What is 'Convergence Culture'?
“We are entering an era where media will be everywhere, and we
will use all kinds of media in relation to one another...”
Henry Jenkins, Convergence? I Diverge, 2001
Tom, David, Lewis
What Is Media Convergence?
The combination of new media and old media within a single
piece of media work – the coming together of different media
– For example, video gaming –
using old media (television) to
play games from new media
technology in the form of a
games console (e.g. Xbox,
Playstation, etc.), rather than
simply watching programmes
– Another example, is using a
mobile phone to listen to music,
using the old media idea of
personal music players, but
applying it to the new media
ideas of a mobile phone that
incorporates multiple platforms
of media technology. (explored
more later on)
The digitisation of all media content. When words, images and
sounds are transformed into digital information, we expand the
potential relationships between them and enable them to flow
– The joining of multiple media
technologies. For example, a mobile
phone is expected to make and
receive calls and text messages.
However, as the technology has
evolved, they can now take pictures,
record video, play games, access the
internet, and can be used as mp3
players. It is the convergence of
many media technologies allowing
one media product to perform many
Is the horizontal integration of the entertainment industry.
Companies such as Sony and (the former) AOL-TimeWarner
now have interests in film, TV, books, games, the internet,
music, real estate, etc.
This is resulting in the transmedia exploitation of branded
properties including Star Wars, Pokémon and Harry Potter
(to mention just a few). All have other forms of media
associated with the original product, in order to expand the
potential audience and saturate the market.
Star Wars – Originally a film Pokemon – Video Game Harry Potter – Book
Now – books, comics, TV series,
merchandise, video games,
soundtrack CDs, etc
Now – TV series, film, books,
trading card game, merchandise
Now – films, merchandise, video
games, soundtrack CDs
Social or Organic Convergence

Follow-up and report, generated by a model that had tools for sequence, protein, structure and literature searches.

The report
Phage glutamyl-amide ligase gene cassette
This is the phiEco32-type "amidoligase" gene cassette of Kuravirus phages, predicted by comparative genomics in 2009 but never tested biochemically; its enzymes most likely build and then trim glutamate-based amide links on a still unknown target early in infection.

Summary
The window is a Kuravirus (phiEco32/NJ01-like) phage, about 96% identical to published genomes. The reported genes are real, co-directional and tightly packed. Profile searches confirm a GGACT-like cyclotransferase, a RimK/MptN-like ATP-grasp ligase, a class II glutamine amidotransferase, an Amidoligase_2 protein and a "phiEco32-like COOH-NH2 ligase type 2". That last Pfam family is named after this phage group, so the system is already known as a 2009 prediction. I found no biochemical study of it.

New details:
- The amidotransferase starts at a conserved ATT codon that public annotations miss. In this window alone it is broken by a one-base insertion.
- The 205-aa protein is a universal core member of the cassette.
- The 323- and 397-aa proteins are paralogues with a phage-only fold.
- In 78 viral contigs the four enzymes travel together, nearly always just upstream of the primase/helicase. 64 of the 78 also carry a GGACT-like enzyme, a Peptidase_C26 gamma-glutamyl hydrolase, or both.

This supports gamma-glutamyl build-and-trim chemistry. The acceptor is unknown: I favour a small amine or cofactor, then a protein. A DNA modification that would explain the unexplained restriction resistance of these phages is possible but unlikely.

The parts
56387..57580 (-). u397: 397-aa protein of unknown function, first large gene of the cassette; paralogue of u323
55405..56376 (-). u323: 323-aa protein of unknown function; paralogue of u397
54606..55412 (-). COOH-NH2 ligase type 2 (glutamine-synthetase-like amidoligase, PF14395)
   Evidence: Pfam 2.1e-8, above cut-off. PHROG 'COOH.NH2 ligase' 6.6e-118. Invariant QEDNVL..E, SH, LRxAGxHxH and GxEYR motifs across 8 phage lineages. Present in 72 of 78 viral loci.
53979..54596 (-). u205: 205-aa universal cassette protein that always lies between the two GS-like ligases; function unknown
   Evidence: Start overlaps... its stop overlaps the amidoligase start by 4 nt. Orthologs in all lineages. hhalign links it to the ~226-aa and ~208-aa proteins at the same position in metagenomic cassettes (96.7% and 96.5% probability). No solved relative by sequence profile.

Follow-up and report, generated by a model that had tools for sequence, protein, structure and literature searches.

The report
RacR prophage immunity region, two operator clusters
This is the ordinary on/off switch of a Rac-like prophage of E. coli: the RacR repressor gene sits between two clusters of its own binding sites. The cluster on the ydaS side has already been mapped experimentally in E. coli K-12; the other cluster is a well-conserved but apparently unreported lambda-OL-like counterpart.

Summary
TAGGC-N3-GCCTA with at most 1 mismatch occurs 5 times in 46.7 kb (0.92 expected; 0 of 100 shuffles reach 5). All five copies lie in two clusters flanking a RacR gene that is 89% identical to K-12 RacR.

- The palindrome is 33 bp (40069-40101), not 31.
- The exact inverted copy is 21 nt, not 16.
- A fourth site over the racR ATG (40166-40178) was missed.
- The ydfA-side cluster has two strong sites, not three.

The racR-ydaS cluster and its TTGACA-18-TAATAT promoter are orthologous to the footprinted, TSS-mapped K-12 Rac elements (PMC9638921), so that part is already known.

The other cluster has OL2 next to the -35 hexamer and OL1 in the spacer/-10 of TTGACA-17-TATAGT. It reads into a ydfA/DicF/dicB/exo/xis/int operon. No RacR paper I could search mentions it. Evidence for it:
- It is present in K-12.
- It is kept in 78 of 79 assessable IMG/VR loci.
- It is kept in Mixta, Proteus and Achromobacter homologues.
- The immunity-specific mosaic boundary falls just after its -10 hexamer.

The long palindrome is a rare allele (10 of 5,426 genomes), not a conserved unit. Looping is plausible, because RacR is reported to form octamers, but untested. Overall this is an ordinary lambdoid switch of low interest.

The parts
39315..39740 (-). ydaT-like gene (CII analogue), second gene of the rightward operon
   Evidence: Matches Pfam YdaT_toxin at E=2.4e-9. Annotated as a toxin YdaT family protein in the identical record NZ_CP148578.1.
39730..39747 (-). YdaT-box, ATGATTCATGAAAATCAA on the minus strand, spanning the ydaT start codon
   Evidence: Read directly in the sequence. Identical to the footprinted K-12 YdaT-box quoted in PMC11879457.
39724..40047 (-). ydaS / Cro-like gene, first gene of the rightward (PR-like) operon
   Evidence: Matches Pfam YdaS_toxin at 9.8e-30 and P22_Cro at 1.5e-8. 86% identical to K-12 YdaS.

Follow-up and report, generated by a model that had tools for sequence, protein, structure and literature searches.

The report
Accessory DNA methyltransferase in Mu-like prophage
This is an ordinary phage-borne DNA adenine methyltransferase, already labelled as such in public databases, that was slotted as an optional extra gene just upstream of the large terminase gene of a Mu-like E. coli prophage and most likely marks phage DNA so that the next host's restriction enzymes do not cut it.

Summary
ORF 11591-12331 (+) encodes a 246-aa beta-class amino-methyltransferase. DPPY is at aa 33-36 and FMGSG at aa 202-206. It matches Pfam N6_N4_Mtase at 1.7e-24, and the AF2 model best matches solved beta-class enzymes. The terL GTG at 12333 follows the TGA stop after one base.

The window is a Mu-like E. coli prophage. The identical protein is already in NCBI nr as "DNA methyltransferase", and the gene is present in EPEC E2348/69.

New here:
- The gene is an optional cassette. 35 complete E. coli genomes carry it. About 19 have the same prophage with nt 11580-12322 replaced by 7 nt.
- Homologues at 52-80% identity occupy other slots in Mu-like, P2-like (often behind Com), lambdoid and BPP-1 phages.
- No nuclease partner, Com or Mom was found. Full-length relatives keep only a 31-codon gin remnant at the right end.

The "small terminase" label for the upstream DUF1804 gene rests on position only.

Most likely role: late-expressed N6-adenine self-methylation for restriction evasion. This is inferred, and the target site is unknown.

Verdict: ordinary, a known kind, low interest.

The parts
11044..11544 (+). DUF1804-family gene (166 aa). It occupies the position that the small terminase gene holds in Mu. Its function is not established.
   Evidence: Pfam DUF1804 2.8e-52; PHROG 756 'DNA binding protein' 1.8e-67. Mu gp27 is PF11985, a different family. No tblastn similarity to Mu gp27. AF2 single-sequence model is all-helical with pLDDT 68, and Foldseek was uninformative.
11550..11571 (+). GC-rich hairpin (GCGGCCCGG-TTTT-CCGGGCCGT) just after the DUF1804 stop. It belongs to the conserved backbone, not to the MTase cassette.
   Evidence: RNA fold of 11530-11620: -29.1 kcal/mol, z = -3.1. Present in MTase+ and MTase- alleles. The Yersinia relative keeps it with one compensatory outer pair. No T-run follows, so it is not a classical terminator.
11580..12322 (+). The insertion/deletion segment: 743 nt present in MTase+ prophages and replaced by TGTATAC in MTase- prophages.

When users utilise multiple media technologies
simultaneously, such as listening to music whilst watching
TV or playing video games.
When the 'audience' becomes the 'user'. Media technology
has given the 'audience' the tools to “archive, annotate,
appropriate, and recirculate content.”
Companies use this to create low-cost content.
Outsourcing – using 'user-generated' content in internet
programmes (and sometimes films/TV) shown on sites
including Youtube, e.g. The Machinima styled Red vs.
Blue, an example of human-computer interaction and
interactivity, one of the key trends associated with
'new media' – 'play, create, upload, watch, share.”
The cultural hybridity that develops from the international circulation of
Cinema – the global circulation of Asian Popular Cinema profoundly
shapes Hollywood entertainment. Many well-known Asian Actors often
crossover to Western Cinema, including Chow Yun-Fat (Crouching
Tiger, Hidden Dragon & Pirates of the Caribbean: At World's End see
below), Zhang Ziyi (House of Flying Daggers & Rush Hour 2 see
below) and Jackie Chan (Drunken Master & also Rush Hour 2)
This is an example of the experience of being a citizen of the 'global
These multiple forms of media convergence are leading us
toward a digital renaissance – a period of transition and
transformation that will affect all aspects of our lives.
Media convergence is sparking a range of social, political,
economic and legal disputes because of conflicting goals of
consumers, producers and gatekeepers.
These contradictory forces are pushing towards cultural
diversity, homogenization, commercialisation and towards
grassroots cultural production.
– Henry Jenkins
Media Convergence is what makes humans dependent on
media. The convergence of media products/technology
means that, in theory, we do not have to leave our homes as
(almost) everything can be achieved at the touch of a button.
“The digital renaissance will be the best of times and the worst
of times, but a new cultural order will emerge from it...”